Thursday, October 16, 2008

October 11-15: Sucre and Potosi

From La Paz to Tupiza we´ve been blessed with three Bolivian bus experiences. Each has come with it´s own flavor of excitement. Our first trip (overnight from La Paz to Sucre) was initially cancelled due to road blocks resulting from protests -- only to be then allowed to go at the last minute although on a cheaper version which is never a good alternative for overnight journeys. Trip #2 (from Sucre to Potosi) was on a bus driven by this kid pictured below. Trust us, he actually looks OLDER in this picture than he did in real life. On trip #3 (from Potosi to Tupiza yesterday) we tried to buy tickets on the most expensive bus available. Our agent informed us that that bus was ¨sold out¨ (translation: she had a deal with the cheaper company). So we ended up on this beauty below with ducktape holding the front window together. 7 hours into our trip we stumbled upon one of the infamous Bolivian road blocks - this one for road work instead of protests. Three hours later we were allowed to proceed.... It´s been said that you haven´t experienced Bolivia if you haven´t waited at a road block so now we are truly legit travelers thru this country!

Sucre was a beautiful little colonial town. The view from a hillside outside of town reminded us somewhat of looking down onto the Castro and the Mission from Dolores park in San Fran. Less we got too comfortable with the ease of this town, we decided to gamble our luck on a Bolivian ferris wheel in a park nearby.´

In the 16th and 17th century, Potosi was one of the richest cities in the world with silver from its mines funding the entire Spanish empire. The silver is long gone but Potosi remains a mining town with over 10,000 workers entering the mountain each day to mine ore and other minerals. The town is also the highest city in the world (4,060 meters). Although the workers in the mines are now part of mining cooperatives, rather than slaves as they were in the silver era, the work is still insanely difficult and unsafe with the average lifespan of a miner being between 40-50.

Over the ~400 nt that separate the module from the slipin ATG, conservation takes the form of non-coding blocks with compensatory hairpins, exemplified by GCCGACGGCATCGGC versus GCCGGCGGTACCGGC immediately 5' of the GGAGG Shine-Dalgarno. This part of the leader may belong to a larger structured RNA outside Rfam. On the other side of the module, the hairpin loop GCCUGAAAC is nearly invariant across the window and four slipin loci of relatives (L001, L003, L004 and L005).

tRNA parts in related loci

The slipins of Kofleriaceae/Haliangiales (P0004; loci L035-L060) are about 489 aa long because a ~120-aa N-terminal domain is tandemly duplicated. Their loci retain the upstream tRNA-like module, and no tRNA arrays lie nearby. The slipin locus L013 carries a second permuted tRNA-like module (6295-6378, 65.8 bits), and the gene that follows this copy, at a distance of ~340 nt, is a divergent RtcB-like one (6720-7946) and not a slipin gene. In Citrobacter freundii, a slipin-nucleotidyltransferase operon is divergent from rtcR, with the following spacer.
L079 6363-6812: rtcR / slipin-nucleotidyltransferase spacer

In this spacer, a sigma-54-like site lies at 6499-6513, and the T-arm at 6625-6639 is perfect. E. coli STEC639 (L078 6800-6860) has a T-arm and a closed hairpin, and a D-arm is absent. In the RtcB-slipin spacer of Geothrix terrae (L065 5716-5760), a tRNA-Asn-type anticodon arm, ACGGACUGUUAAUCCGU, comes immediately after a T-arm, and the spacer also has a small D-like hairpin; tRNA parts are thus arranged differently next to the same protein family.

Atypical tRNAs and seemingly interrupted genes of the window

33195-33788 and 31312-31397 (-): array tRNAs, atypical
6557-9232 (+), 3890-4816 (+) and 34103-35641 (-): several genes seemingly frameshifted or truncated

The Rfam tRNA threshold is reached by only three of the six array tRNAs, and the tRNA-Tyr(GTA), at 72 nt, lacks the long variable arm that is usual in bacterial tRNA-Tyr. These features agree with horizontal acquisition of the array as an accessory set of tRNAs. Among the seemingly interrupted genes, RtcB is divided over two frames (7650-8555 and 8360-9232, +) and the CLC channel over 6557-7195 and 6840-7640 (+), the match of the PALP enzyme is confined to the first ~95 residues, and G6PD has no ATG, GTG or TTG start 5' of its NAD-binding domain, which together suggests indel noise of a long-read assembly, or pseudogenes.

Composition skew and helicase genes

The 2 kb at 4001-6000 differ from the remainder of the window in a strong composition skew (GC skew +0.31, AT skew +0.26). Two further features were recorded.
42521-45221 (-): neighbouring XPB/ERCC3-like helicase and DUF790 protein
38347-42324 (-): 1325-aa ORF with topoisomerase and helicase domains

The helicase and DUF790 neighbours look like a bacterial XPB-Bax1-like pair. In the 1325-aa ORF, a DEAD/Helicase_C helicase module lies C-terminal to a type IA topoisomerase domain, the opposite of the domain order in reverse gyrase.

Our tour into the mines started with us signing our lives away. We then bought gifts for the miners we would meet (the favorite being pure alchohol which they drink in mass quantities every Friday afternoon, often while still below ground). Dynamite is also a popular gift for the miners as they are responsible for funding all their own equipment. Yes, anyone can buy dynamite in this town. We did.

From there we travelled deep and then deeper into the mountain. At the deepest point of the tour, our guide decided to tell us that engineers from the US did a study 12 years ago predicting that the entire mine would cave in within 5 years. The kind of information that you prefer to receive AFTER the tour.... Another guy on our tour casually asked what the white stuff was all over the walls. Asbestos. The pictures which came out here are from the mellower parts of the tour -- too much dust for the real intense ones to come out.

Our guide who was a miner for 3 years before having an accident said that he would ¨put dynamite up his son´s ass¨if he ever indicated an interest in the work. Speaking of dynamite, there was the dynamite demonstration at the end. Nader was chosen to make the bomb and tried to remain calm while it was lit under his shirt.... It´s a sad sad livelihood and we felt very fortunate to have seen a slice of these men´s lives to understand their hardships.

Off to find some saltenias for lunch....


  1. Holy cow! I learned about Potosi during my Latin American Studies M.A. and have since longed to visit due to its historical significance, but I thought I was an oddball. You guys actually did it AND toured the mine - I can't believe they have a tourist infrastructure, and I'm even more perplexed that they tell their visitors about the asbestos, etc. Kudos to you both for working this in there, and safe travels! Are you going to take on the "world's most dangerous road" (somewhere else in Bolivia)?